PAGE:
CaltechAUTHORS
  A Caltech Library Service

Properties of dusty tori in active galactic nuclei – I. The case of SWIRE/SDSS quasars

Hatziminaoglou, E. and Fritz, J. and Franceschini, A. and Afonso-Luis, A. and Hernán-Caballero, A. and Pérez-Fournon, I. and Serjeant, S. and Lonsdale, C. and Oliver, S. A. and Rowan-Robinson, M. and Shupe, D. and Smith, H. E. and Surace, J. (2008) Properties of dusty tori in active galactic nuclei – I. The case of SWIRE/SDSS quasars. Monthly Notices of the Royal Astronomical Society, 386 (3). pp. 1252-1264. ISSN 0035-8711. https://resolver.caltech.edu/CaltechAUTHORS:HATmnras08

[img]
Preview
PDF - Published Version
See Usage Policy.

673Kb

Use this Persistent URL to link to this item: https://resolver.caltech.edu/CaltechAUTHORS:HATmnras08

Abstract

We derive the properties of dusty tori in active galactic nuclei from the comparison of observed spectral energy distributions (SEDs) of SDSS quasars and a precomputed grid of torus models. The observed SEDs comprise SDSS photometry, Two-Micron All-Sky Survey J, H and K data, whenever available, and mid-infrared (mid-IR) data from the Spitzer Wide-area InfraRed Extragalactic Survey. The adopted model is that of Fritz, Franceschini & Hatziminaoglou. The fit is performed by standard χ2 -minimization; the model, however, can be a multicomponent comprising a stellar and a starburst component, whenever necessary. Models with low equatorial optical depth, τ9.7, were allowed as well as 'traditional' models with τ9.7≥ 1.0 , corresponding to AV≥ 22 and the results were compared. Fits using high optical depth tori models only produced dust more compactly distributed than in the configuration where all τ9.7 models were permitted. Tori with decreasing dust density with the distance from the centre were favoured while there was no clear preference for models with or without angular variation of the dust density. The computed outer radii of the tori are of some tens of parsecs large but can reach, in a few cases, a few hundreds of parsecs. The mass of dust, MDust, and IR luminosity, LIR, integrated in the wavelength range between 1 and 1000 μm, do not show significant variations with redshift, once the observational biases are taken into account. Objects with 70-μm detections, representing 25 per cent of the sample, are studied separately and the starburst contribution (whenever present) to the IR luminosity can reach, in the most extreme but very few cases, 80 per cent.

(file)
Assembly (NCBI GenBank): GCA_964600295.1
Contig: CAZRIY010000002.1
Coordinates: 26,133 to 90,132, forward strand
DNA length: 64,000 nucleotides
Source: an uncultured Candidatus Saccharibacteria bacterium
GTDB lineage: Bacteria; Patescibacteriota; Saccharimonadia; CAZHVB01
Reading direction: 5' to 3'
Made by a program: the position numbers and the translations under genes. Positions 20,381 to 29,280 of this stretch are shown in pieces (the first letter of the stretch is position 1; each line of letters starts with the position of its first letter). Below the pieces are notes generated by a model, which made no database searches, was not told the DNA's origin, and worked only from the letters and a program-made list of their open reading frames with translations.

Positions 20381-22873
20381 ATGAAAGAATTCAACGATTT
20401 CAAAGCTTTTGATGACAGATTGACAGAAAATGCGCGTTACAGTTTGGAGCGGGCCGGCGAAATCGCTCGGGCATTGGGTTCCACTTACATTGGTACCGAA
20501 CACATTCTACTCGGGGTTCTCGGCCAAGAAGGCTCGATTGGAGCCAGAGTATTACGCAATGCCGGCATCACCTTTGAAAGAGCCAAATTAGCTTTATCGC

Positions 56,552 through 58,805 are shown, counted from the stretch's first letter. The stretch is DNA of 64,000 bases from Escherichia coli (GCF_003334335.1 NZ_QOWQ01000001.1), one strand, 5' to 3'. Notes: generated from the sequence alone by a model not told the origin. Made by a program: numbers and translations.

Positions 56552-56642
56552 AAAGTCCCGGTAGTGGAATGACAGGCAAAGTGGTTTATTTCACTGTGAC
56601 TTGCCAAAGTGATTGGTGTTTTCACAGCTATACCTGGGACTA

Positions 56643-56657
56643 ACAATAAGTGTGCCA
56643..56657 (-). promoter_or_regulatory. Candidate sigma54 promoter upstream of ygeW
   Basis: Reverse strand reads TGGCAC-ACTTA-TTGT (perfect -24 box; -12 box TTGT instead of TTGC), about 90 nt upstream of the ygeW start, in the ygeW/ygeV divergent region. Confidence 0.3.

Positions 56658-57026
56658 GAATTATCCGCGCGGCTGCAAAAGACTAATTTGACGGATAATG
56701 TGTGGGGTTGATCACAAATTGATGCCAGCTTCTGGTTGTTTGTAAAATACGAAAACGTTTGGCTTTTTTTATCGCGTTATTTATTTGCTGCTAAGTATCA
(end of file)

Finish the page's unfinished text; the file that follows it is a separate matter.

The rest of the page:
Item Type:Article
Related URLs:
URLURL TypeDescription
http://dx.doi.org/10.1111/j.1365-2966.2008.13119.xDOIArticle
ORCID:
AuthorORCID
Serjeant, S.0000-0002-0517-7943
Lonsdale, C.0000-0003-0898-406X
Shupe, D.0000-0003-4401-0430
Surace, J.0000-0001-7291-0087
Additional Information:© 2008 The Authors. Journal compilation © 2008 RAS. Accepted 2008 February 15. Received 2008 February 8; in original form 2007 December 18. This work is based on observations made with the Spitzer Space Telescope, which is operated by the Jet Propulsion Laboratory, California Institute of Technology under NASA contract 1407. Support for this work, part of the Spitzer Space Telescope Legacy Science Program, was provided by NASA through an award issued by the Jet Propulsion Laboratory, California Institute of Technology under NASA contract 1407. Funding for the creation and distribution of the SDSS Archive has been provided by the Alfred P. Sloan Foundation, the Participating Institutions, the National Aeronautics and Space Administration, the National Science Foundation, the US Department of Energy, the Japanese Monbukagakusho, and the Max Planck Society. The SDSS Web site is http://www.sdss.org/. This publication makes use of data products from the 2MASS, which is a joint project of the University of Massachusetts and the Infrared Processing and Analysis Centre/California Institute of Technology, funded by the National Aeronautics and Space Administration and the National Science Foundation. This work was supported in part by the Spanish Ministerio de Educación y Ciencia (Grants ESP2004-06870-C02-01 and ESP2007-65812-C02-02). This work makes extensive use of TOPCAT (http://www.starlink.ac.uk/topcat/) a Virtual Observatory tool developed by M. Taylor.
Group:Infrared Processing and Analysis Center (IPAC)
Funders:
Funding AgencyGrant Number
Alfred P. Sloan FoundationUNSPECIFIED
Participating InstitutionsUNSPECIFIED
NASAUNSPECIFIED
NSFUNSPECIFIED
Department of Energy (DOE)UNSPECIFIED
Japanese MonbukagakushoUNSPECIFIED
Max Planck SocietyUNSPECIFIED
Ministerio de Educación y Ciencia (MEC)ESP2004-06870-C02-01
Ministerio de Educación y Ciencia (MEC)ESP2007-65812-C02-02
Subject Keywords:active galaxies; quasars; starburst galaxies; infrared astronomy
Issue or Number:3
Record Number:CaltechAUTHORS:HATmnras08
Persistent URL:https://resolver.caltech.edu/CaltechAUTHORS:HATmnras08
Usage Policy:No commercial reproduction, distribution, display or performance rights in this work are provided.
ID Code:11290
Collection:CaltechAUTHORS
Deposited By: Tony Diaz
Deposited On:06 Aug 2008 00:04
Last Modified:09 Mar 2020 13:19

Repository Staff Only: item control page